“If you’re going to phase out the income tax and replace it with sales tax, that’s incredibly regressive,” Kunz said. “The people who pay that are the poor. They already don’t make much. If you want to incentivize people to work, that’s not the way to do it.”

A bill phasing out the income tax over several years passed the Senate but couldn’t pass the House without help from Democrats, who declined to provide votes despite consternation and scolding from the governor, also a Democrat. Essentially, state Republicans broke down into factions, which ensured the demise of the income tax cut.

“If you’re going to do something that is substantially different from the status quo, you’d better have thought it out quite well,” said Ballengee. “You have to be able to make the case that this plan is going to be better in the long run. Whether it’s income tax repeal or Obamacare repeal, you’d better have your ducks in a row or it’s going to get shredded.”

3) Interest groups can inflict death by a thousand cuts to multi-faceted legislation.

A particularly fierce source of opposition to the income tax cut came from West Virginia’s border counties, whose representatives worried that a corresponding sales tax increase would put them at a disadvantage compared to their interstate neighbors. Other proposals sought to broaden the sales tax to new industries, which fought back through their own lobbying efforts.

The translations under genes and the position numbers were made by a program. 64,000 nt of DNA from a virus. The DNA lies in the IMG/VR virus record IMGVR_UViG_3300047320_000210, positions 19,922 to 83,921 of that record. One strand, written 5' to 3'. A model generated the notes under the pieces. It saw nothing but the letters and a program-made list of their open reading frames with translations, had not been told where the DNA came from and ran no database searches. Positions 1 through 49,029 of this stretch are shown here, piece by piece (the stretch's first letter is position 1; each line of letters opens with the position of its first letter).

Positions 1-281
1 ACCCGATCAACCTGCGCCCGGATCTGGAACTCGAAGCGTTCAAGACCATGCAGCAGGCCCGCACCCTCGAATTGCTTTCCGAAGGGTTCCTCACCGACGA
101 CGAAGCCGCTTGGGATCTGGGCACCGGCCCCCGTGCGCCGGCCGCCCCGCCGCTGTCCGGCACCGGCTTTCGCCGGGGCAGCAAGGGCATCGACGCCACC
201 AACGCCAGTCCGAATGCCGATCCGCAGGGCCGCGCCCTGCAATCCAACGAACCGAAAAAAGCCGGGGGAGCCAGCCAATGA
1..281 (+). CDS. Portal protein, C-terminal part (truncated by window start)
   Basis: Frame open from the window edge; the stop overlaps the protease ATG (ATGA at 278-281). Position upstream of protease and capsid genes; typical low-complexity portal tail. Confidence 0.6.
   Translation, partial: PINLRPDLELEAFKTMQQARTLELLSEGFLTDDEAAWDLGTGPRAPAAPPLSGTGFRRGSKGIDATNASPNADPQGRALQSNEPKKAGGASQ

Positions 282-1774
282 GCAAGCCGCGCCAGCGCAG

“On this one issue, it wasn’t a left-right distinction but geographical versus a vision for what’s going to make the state work,” Ballengee said.

Apple and other technology heavyweights fought back against a proposal to tax digital downloads. The health and fitness lobby fought a proposal to tax that industry. Contractors battled the idea of removing the tax exemption for contracting services. Even the vaping industry came out to fight a tax proposal.

“If there’s a lesson at the federal level, it’s that when you do things like a massive income tax cut, you have to expand the sales tax a little bit at least—and that’s when the interest groups come out,” Boettner said. “If you lift the burden in one place, you have to tax somewhere else, and then you see all of of these special interests working to peel off their interests and you end up with nothing.”

4) Cutting spending is harder than it looks, too.

Fiscal conservatives saw West Virginia’s $497 million budget shortfall as an opportunity to shrink the size of state government.

As with shifting tax burdens, however, proposed cuts drove intensive lobbying by those who stood to lose. In April, Justice vetoed a budget bill that would have cut nearly $110 million, mostly from higher education and the state Division of Health and Human Resources. The final $4.2 billion budget, which still cut $16 million from higher education, was allowed to become law without the governor’s signature or veto. The bill also included cuts to culture and history program grants, education and the arts, tourism marketing, fairs and festivals, libraries and public broadcasting.

“It’s much more difficult than what people realize to cut spending, just because of the constituencies,” Ballengee said. “Cutting spending is a great thing for people to run on, but when they get into office and these natural constituency groups organize to make sure that whatever is getting cut is not theirs, legislators realize you have to have a lot of fortitude. It becomes extremely difficult to cut spending.”

6) Keep the Congressional Budget Office (CBO) or find yourself at the president’s mercy.